How Martin Luther Changed Christianity With the Help of Technology

Martin Luther painted by Lucas Cranach the Elder in 1529. (Deutsches Historisches Museum)
Martin Luther painted by Lucas Cranach the Elder in 1529. (Deutsches Historisches Museum)

Five centuries ago, Christians in Europe who hoped to go to heaven knew they might first have to spend a few thousand years in a fiery purgatory, where they would be purified of their outstanding sins.

It was not a pleasant thought, but the Catholic Church offered some hope: A cash offering to the local priest could buy an “indulgence” certificate, entitling the believer to a shorter purgatory sentence.

In practice, the money often went into the pockets of corrupt church officials and their political allies. So in 1517 a German monk named Martin Luther decided to protest the practice. On or about Oct. 31 of that year, he publicly presented 95 handwritten “theses” against the sale of indulgences.

Luther expected only to prompt a debate within Christian circles, but with that act he sparked a revolution. The Protestant Reformation that followed his protest upended the political and ecclesiastical order across Europe.

For the upcoming 500th anniversary of the Reformation, the Minneapolis Institute of Art (MIA) has mounted an exhibition that chronicles Luther’s life and work. One of the objects on display is an actual 16th century indulgence chest, complete with iron plates, heavy hinges and five separate locks. People wishing to purchase an indulgence dropped their coins in a slot on the top of the box.

“It was meant to be shut tight,” says Tom Rassieur, who curated the MIA exhibition.

More than 400 artworks and historical objects are on display in the exhibition, including some of Luther’s personal possessions and archaeological artifacts from his personal residence in Eisleben, Germany. Many of the items have not been displayed outside Germany before, and the exhibition as a whole is the most comprehensive collection of Luther-related objects ever assembled in one place.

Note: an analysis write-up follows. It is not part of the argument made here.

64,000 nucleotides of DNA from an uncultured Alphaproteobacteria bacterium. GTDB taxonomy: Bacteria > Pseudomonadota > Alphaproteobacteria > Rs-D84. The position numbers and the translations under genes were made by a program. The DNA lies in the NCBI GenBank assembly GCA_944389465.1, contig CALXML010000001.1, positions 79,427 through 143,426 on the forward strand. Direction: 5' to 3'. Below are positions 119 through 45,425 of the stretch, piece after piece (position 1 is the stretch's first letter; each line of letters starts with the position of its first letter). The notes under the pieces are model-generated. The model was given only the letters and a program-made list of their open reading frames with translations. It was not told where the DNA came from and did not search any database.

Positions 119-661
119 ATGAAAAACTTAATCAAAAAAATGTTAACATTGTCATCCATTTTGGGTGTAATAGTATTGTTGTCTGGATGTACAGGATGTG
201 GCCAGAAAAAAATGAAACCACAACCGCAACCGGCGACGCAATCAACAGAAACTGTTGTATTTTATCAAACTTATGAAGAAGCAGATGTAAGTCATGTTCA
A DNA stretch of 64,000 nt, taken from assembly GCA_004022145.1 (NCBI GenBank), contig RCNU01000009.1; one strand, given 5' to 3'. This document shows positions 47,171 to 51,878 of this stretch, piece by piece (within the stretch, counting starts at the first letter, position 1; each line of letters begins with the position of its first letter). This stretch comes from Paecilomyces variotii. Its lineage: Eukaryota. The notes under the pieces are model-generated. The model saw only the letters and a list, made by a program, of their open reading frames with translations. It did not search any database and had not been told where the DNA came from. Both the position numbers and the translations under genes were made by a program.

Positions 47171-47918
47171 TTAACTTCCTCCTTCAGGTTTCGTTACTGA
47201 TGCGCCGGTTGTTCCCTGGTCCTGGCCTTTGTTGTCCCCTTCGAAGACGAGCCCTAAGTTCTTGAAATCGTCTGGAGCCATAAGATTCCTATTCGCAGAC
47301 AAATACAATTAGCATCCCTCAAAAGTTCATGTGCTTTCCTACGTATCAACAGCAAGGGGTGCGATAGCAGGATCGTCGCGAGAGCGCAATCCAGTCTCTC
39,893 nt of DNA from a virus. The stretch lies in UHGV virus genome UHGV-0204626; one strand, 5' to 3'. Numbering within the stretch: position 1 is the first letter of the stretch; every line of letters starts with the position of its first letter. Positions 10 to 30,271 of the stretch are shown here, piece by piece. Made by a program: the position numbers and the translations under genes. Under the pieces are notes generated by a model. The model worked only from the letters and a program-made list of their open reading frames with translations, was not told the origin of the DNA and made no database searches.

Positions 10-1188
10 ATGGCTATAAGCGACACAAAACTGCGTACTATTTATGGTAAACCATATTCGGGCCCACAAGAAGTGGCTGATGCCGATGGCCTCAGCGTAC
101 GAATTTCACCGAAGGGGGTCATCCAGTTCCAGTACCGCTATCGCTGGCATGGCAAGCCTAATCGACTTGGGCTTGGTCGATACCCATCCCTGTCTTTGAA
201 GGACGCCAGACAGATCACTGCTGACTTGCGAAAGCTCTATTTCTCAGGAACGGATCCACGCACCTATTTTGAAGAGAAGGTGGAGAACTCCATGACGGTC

“When we were contacted by museum officials in Germany,” says MIA director Kaywin Feldman, “our number one question was, ‘How can we make this the best Luther show ever?’ ”

The exhibit makes clear that Luther’s spectacular success was in large part a propaganda phenomenon. His broadside against Catholic Church practices might have gone unnoticed were it not for the introduction a few decades earlier of a new technology: the printing press. Luther’s challenge to church authority was incendiary, and German printers immediately recognized a hot property.

“As an entrepreneurial venture, they set the 95 Thesesinto type, printed them and reproduced them,” says Rassieur. “When they saw how rapidly they were selling, they made copies and copies and copies. It went viral.”

The MIA exhibit includes several versions of the printed theses, including a pocket-sized edition just four pages long. One copy was printed in Basel, in present-day Switzerland, not more than two months after Luther posted his own handwritten version.

“That means Luther’s words had already reached out hundreds of miles,” Rassieur says. “When Luther’s ideas started to spread, there was no way they could be stopped.” No one knows how many copies of the 95 Theses were printed, but Rassieur says there were probably “thousands and thousands,” given the number of editions that were immediately produced.

As with the Internet centuries later, Luther showed how a new information technology could change the world.

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Tom Gjelten

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